Le Poème Harmonique - Allegri & Monteverdi: Anamorfosi - Fanfare
This CD could do for Allegri’s Miserere what the Tallis Scholars’ Gimell recording did for it four decades ago. The Tallis Scholars were not the first to record it, of course, nor will Dumestre be the last, but I do think this new version presents the music in such a radical way that it will be a game-changer. In his brief booklet note, Dumestre writes about being haunted by this work for 25 years. Now it is our turn to be haunted, at least for another quarter-century.
The Tallis Scholars presented the Miserere as a work of surpassing, soaring purity and consonance. Each time soprano Alison Stamp reached a high C, we were transfixed as if we were in the presence of the Lord himself. However, what the Tallis Scholars recorded appears to have been a simplified, unembellished version inconsistent with period style, although we have to thank none other than the teenaged Mozart that we have the music at all. Dumestre’s performance is based on evidence that, during Allegri’s time and after, the music would have been embellished and ornamented, not to show off the singers’ prowess but to illustrate the anguish of sinning mankind. And so, what the Tallis Scholars made pure, Dumestre’s forces have made, pardon me for saying this, dirty again. Melismatic writing, sometimes overlapping multiple parts, creates an atmosphere of restless intensity; and, especially as the work comes close to the end, there are some toe-curling dissonances. In its way, this is no less beautiful than the Tallis Scholars’ recording, but it is a lot less “nice.” I won’t get rid of my Gimell CD, but this new version goes right next to it on top of the pile.
The rest of the program is no climb-down. The very next work is Luigi Rossi’s Un allato messagier, an agonized response to the death of Christ, as relayed by a winged messenger to Mary Magdalene. The fact that this music originated as a Lament of the Queen of Sweden on the death of her husband matters not one bit. This 10-minute work is more an operatic scena than a sacred cantata, and alto Eva Zaïcik gives it such a blistering intensity that everything else stops dead in its tracks. The tension never lets up, yet, to paraphrase the title of one of Monteverdi’s works, “It hurts so good.” (Actually, it is “So sweet is the torment,” but allow me a little poetic license, please!) Maestro Anonymous’s work includes ear-blowing dissonances in its final section to illustrate the words “I am afflicted and humbled exceedingly,” and one can find examples of gloriously painful music mirroring painful emotions throughout this program.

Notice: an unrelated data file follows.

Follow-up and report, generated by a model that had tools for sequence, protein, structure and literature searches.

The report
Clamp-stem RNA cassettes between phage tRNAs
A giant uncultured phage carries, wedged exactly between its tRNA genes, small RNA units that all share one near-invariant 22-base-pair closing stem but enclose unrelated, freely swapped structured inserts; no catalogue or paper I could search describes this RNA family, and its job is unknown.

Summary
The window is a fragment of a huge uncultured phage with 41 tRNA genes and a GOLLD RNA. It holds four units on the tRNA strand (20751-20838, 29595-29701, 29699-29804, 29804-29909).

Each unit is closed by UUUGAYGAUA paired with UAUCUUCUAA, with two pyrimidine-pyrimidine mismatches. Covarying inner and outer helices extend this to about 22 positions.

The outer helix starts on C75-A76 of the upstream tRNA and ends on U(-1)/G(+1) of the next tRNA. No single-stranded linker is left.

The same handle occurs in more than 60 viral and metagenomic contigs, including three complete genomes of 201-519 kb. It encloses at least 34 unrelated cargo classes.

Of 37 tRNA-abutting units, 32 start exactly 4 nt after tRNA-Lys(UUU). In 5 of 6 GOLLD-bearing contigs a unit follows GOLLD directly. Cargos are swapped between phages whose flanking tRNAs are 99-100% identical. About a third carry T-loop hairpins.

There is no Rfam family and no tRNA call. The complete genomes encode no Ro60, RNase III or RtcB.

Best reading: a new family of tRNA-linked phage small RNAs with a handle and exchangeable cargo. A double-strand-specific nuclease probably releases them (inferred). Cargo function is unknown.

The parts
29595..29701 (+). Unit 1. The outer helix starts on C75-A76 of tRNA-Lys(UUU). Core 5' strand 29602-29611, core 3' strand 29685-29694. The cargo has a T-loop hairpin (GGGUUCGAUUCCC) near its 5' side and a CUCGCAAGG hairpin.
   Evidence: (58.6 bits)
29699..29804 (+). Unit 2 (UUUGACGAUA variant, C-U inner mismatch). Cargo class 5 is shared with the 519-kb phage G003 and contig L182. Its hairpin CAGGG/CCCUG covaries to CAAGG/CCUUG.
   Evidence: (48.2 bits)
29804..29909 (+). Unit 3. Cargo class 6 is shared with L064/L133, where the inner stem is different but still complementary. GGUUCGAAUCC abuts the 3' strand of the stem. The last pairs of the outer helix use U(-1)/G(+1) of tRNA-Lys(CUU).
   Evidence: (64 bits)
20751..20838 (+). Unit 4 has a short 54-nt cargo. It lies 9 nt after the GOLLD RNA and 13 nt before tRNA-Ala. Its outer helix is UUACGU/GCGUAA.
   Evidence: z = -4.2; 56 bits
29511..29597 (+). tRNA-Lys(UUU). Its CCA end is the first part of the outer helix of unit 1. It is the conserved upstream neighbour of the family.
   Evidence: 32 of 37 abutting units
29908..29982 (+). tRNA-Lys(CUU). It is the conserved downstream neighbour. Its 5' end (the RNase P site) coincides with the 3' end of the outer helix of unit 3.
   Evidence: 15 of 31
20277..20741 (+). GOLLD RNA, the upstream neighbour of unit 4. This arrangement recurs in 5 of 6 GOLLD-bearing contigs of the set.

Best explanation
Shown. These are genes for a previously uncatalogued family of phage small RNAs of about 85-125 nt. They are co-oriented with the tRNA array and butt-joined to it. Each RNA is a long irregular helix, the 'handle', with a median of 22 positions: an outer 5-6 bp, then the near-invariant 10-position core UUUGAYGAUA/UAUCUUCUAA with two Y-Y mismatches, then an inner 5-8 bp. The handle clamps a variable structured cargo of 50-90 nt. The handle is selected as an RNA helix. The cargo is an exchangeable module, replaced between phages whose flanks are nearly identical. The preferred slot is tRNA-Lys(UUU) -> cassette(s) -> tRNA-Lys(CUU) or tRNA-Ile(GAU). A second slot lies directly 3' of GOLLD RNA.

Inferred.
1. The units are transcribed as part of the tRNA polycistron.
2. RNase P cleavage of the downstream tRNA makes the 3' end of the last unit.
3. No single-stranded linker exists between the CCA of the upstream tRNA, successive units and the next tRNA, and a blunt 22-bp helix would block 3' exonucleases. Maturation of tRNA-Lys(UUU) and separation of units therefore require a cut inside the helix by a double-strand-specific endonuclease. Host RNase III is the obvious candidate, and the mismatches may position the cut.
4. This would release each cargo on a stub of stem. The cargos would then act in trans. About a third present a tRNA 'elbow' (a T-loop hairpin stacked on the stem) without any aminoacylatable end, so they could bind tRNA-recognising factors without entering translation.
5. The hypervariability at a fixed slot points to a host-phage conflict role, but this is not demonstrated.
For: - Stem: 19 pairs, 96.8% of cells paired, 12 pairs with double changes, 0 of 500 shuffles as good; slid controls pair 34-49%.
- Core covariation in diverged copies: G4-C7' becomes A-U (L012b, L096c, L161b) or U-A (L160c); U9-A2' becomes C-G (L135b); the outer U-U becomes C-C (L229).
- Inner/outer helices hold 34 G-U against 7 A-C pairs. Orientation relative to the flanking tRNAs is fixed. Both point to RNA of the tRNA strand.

I went through a Monteverdi period in my 20s, but I think I lost some of my interest in his music after being overexposed to too many correcter-than-thou English performances in which every “t” was crossed and every “i” dotted, yet somehow the passion and the pain fell out of the bottom like a leaky sieve. I am thinking that my feelings about Monteverdi would have been different today if I had heard more performances like these, which crackle with operatic drama while not sacrificing style and accuracy. Dumestre has assembled an outstanding team of singers here. (Please record Monteverdi’s madrigals now!) By saying that, I don’t mean to minimize the contributions of the instrumentalists—by the way, Dumestre’s theorbo playing (theorbism?) is gorgeous—because their passion is not less than the singers’.
As I write this, 2019 is drawing to a close, and I can say with honesty that I have not heard a CD of Baroque music that has moved me more this year, with the exception of Jakub Józef Orliński’s debut CD (Anima Sacra) on Erato. That disc, because it came early in the year, was on my 2019 Want List. Anamorfosi, coming late in the year, will be on my 2020 Want List.